Adrienne Weissman, the latest guest we had on the SaaS Revolution Club Slack communityAMA, hails from Chicago and has over 15 years of experience at various tech innovators. Currently, she’s Chief Marketing and Customer Officer at G2 Crowd, the platform for sharing business software reviews, which just closed a cool $30M Series B round this past May. Before that, she was Director of Brand and Marketing Solutions at LinkedIn, and before that held senior-level leadership, sales, and marketing roles at game-changers such as Google, Digg, and AOL.
Adrienne answers questions about the challenges G2 Crowd has faced, the channels they have used to grow, the art of being a great CMO and more.
Come see Adrianne at SaaStock 2017 in Dublin, September 18-20. Get your ticket now.
Tell us a bit about G2 crowd.
G2 Crowd is the world’s destination for B2B software and services companies to find the right software for their business. We ask professionals to write reviews for their software products and services they use. All reviews are authenticated via the professional’s LinkedIn profile and we validate every single review to ensure they are real.
What do you feel are some of the biggest (or most common) mistakes B2B SaaS marketers make?
Using language that is unique to their product/team. Most people have zero clue what all the various acronyms mean. Speak simple and regular language. The more simple without jargon, the better your audience gets what you offer.
What are the toughest problems you’ve faced when growing G2 Crowd and how did you solve them?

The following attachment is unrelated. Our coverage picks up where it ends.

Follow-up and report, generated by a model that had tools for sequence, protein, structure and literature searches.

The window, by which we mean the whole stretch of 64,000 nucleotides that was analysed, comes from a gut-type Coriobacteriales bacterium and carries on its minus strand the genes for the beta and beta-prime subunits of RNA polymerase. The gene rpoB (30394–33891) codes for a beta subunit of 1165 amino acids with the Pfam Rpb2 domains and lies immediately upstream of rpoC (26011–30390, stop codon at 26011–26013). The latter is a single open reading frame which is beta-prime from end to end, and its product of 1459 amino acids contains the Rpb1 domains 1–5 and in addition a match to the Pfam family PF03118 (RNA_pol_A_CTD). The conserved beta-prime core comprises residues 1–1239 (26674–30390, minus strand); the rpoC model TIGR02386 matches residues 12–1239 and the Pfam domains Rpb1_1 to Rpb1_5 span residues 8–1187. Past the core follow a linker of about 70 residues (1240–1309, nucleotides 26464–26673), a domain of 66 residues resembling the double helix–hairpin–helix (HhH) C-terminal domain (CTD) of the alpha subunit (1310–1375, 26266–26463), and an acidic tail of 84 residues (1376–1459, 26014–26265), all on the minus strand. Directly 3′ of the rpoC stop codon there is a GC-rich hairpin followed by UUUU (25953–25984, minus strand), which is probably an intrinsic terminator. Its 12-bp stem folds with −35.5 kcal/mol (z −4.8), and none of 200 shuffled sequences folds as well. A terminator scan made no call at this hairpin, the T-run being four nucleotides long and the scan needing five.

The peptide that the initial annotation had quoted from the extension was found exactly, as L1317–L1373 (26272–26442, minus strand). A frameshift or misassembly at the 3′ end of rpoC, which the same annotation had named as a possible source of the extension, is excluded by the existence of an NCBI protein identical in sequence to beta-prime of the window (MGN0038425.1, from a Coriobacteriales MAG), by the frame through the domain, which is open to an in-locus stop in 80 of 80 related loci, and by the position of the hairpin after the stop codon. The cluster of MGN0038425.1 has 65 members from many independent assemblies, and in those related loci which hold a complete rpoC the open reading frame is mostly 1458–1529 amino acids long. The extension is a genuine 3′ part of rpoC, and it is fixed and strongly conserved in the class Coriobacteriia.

Some of our biggest challenges have been that we serve two very distinct audiences. We do everything with the buyer first. ALWAYS. What the buyers need versus what the vendors want are often times in conflict. Buyers want a 100% agnostic place to find the answers to the questions, without the vendor influencing the information. Hence, the importance of the authentic and validated reviews.
We have been very thoughtful in making decisions centered around the buyer. If it feels in conflict with what is best for the buyer, we will not do it. Even if it means we will not be able to generate revenue.
We have solved this by having a bit of a church and state approach to our organization and teams. There is no one team making the decisions. It’s an excellent way to help us stay true to our values and mission.
What are recommended outreach strategies for pre-market fit /customer dev/feedback?
I believe the best outreach strategies for pre-market fit are to understand and know what people are searching for via Google or elsewhere.
In addition, the best customer dev strategies are to surround yourself with individuals and teams that have the actual problems you are trying to solve. Have a customer advisory board, make sure they are people who will give meaningful and critical input and feedback.
Feedback is key: leverage both your advisory board and ask for feedback every chance you get.
Do not insulate yourself with believers only. You want the skeptics in there too. That way you are getting a complete picture of what will and can work. Where your gaps are and where your sweet spots are.
What’s your opinion on an Enterprise SaaS offering providing a reduced feature offering at a lower price point for the SME market?
I think it’s dependent on the product/offering. If you are first an enterprise product, you can’t just strip down the product to offer an SME solution. You really need to understand and offer what is most important and relevant to the SME audience. It’s not as simple as making the product smaller and the price point smaller. Make sure you are actually building a product that is designed specifically for the SME.
What are the top paid marketing channels G2 Crowd relies on to drive customer acquisitions?
Our top paid marketing channels to drive customer acquisitions are Facebook, Twitter, LinkedIn (when we are super targeted) and various tech digests.
Not to mention, we see really great engagement and success leveraging email and an ABM strategy. Our ABM approach works best when we are talking to software vendors and services. However, our best tool is our SEO. We have prioritized that above everything else.